Not Just a Budget Crisis, Gov. Brown, a Regulatory Crisis, Too

From Hugh Hewitt, writing in The Examiner, “‘Green chemistry’ is California’s new job-killer“:

“Green chemistry” isn’t just a slogan. It is a full employment concept for government regulators and private-sector lawyers that will have the effect of costing American business billions even as it produces minimal benefits for consumers. Just like “global warming” and “clean energy,” “green chemistry” is a phrase containing worlds within it, almost all of them dangerous or downright deadly to market-driven innovation and productivity. We are entering the third decade of the “green chemistry” movement, and a handy guide to its history is in Katharine Sanderson’s article in the Jan. 6 issue of Nature.

The would-be regulators of all chemistry have not had an easy time of it these past 20 years. Anderson quotes a proponent of the movement as telling her that “a mention of green chemistry in a gathering of chemists can still provoke sighs and eye-rolling.

Yep. Green chemistry is to chemistry what environmental justice is to justice, in both cases redistributionist movements that expand government’s control over economic decisions. (The draft regulations.)

More Hewitt…

[The] new governor, Jerry Brown, will superintend the rules that almost certainly will mandate testing and labeling changes on tens of thousands of products and almost certainly trigger a new generation of product recalls.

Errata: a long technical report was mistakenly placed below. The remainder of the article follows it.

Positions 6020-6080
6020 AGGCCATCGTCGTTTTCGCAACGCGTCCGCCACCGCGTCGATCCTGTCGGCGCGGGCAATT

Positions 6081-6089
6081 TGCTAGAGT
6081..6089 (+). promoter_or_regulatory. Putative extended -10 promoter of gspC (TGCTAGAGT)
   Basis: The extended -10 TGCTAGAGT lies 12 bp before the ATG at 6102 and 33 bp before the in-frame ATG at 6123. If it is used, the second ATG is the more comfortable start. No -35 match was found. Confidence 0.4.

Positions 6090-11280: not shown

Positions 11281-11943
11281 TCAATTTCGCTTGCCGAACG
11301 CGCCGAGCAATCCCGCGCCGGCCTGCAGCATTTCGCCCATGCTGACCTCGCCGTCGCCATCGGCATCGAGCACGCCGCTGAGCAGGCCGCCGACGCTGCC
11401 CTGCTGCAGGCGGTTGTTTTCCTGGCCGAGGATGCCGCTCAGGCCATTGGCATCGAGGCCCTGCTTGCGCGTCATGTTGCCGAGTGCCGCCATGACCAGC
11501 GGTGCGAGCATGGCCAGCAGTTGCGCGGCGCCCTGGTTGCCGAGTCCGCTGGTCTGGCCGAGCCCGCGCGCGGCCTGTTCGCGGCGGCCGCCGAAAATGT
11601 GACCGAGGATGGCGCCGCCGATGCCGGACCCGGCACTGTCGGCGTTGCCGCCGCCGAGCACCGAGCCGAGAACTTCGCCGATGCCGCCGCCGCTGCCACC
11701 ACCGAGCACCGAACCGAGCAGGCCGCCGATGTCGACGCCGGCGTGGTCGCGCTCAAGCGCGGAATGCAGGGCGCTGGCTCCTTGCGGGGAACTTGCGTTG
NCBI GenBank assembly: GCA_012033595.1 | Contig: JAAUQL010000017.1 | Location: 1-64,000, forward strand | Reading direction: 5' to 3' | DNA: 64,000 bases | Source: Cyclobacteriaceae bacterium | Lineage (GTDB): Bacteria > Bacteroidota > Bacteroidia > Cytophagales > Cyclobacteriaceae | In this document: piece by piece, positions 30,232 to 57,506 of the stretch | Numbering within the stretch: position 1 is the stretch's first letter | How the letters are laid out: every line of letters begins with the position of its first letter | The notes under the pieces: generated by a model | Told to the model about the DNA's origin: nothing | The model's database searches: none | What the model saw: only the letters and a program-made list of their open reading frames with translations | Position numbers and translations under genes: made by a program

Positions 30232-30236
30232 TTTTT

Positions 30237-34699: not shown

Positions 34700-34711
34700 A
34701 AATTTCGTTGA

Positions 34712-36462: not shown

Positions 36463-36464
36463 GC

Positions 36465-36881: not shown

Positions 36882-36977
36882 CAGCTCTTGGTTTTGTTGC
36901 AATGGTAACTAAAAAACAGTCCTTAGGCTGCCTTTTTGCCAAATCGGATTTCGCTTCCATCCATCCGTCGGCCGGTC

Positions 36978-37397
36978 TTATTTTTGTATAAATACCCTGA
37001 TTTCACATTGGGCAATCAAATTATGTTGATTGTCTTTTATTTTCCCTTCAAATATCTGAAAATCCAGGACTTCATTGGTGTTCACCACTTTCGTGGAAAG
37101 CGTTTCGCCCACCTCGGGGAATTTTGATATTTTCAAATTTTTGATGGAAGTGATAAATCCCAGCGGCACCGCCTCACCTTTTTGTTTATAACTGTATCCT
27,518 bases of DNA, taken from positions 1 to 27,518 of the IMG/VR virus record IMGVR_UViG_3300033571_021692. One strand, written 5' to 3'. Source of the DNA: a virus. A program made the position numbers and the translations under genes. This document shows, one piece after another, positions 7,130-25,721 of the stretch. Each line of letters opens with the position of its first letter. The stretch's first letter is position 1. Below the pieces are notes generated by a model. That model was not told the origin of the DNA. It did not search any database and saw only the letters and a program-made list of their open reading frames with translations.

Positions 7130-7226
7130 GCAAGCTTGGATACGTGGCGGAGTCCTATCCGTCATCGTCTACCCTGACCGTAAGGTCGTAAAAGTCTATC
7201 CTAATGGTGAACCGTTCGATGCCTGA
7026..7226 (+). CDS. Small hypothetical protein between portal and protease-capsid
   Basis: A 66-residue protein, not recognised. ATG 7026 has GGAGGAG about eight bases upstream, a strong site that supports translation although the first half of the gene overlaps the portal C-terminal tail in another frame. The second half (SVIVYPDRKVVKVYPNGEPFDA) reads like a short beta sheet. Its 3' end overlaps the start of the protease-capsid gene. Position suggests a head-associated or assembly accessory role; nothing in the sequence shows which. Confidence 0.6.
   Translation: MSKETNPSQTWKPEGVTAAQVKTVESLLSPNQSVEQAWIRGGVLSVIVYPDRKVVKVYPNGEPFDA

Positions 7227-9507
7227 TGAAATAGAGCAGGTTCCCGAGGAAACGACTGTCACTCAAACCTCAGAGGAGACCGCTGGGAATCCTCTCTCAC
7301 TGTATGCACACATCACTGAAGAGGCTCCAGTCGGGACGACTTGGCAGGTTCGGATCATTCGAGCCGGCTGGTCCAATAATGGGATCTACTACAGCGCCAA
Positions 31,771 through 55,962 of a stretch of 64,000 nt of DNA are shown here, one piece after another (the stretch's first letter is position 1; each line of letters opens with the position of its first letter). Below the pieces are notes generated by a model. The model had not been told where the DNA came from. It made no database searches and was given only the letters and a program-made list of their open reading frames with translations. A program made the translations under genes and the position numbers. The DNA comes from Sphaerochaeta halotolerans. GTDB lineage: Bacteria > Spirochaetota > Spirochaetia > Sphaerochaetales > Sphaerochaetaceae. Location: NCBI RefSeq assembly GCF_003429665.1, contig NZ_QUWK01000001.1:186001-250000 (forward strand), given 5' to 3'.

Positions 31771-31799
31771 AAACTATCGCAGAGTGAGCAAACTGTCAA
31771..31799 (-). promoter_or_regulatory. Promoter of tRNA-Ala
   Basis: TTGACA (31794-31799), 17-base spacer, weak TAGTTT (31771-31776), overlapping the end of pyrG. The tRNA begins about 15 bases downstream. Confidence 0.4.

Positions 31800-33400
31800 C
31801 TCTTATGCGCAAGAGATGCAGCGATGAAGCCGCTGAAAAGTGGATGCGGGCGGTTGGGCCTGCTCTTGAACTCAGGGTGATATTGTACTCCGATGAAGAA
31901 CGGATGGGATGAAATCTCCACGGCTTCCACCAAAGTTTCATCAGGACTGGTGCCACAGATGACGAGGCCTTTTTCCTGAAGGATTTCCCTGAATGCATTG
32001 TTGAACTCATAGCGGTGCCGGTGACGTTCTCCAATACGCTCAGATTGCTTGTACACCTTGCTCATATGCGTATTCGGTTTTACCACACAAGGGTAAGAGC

“Take the most onerous regulatory regimes you have heard of,” Liz McNulty, one of my law partners, told me, “like those associated with the Consumer Product Safety Improvement Act or the Federal Insecticide, Fungicide and Rodenticide Act.

“Take whatever you think is the worst regulatory regime out there, and expand it exponentially,” she continued, “and then you get a glimpse of what is coming to California.”

California Manufacturers and Technology Association has identified regulatory overkill as one of the major factors driving companies out of state, and the CMTA is leading a campaign, “Smart Regulations for California” with an associated website, www.calrecovery.biz. From the factsheet:

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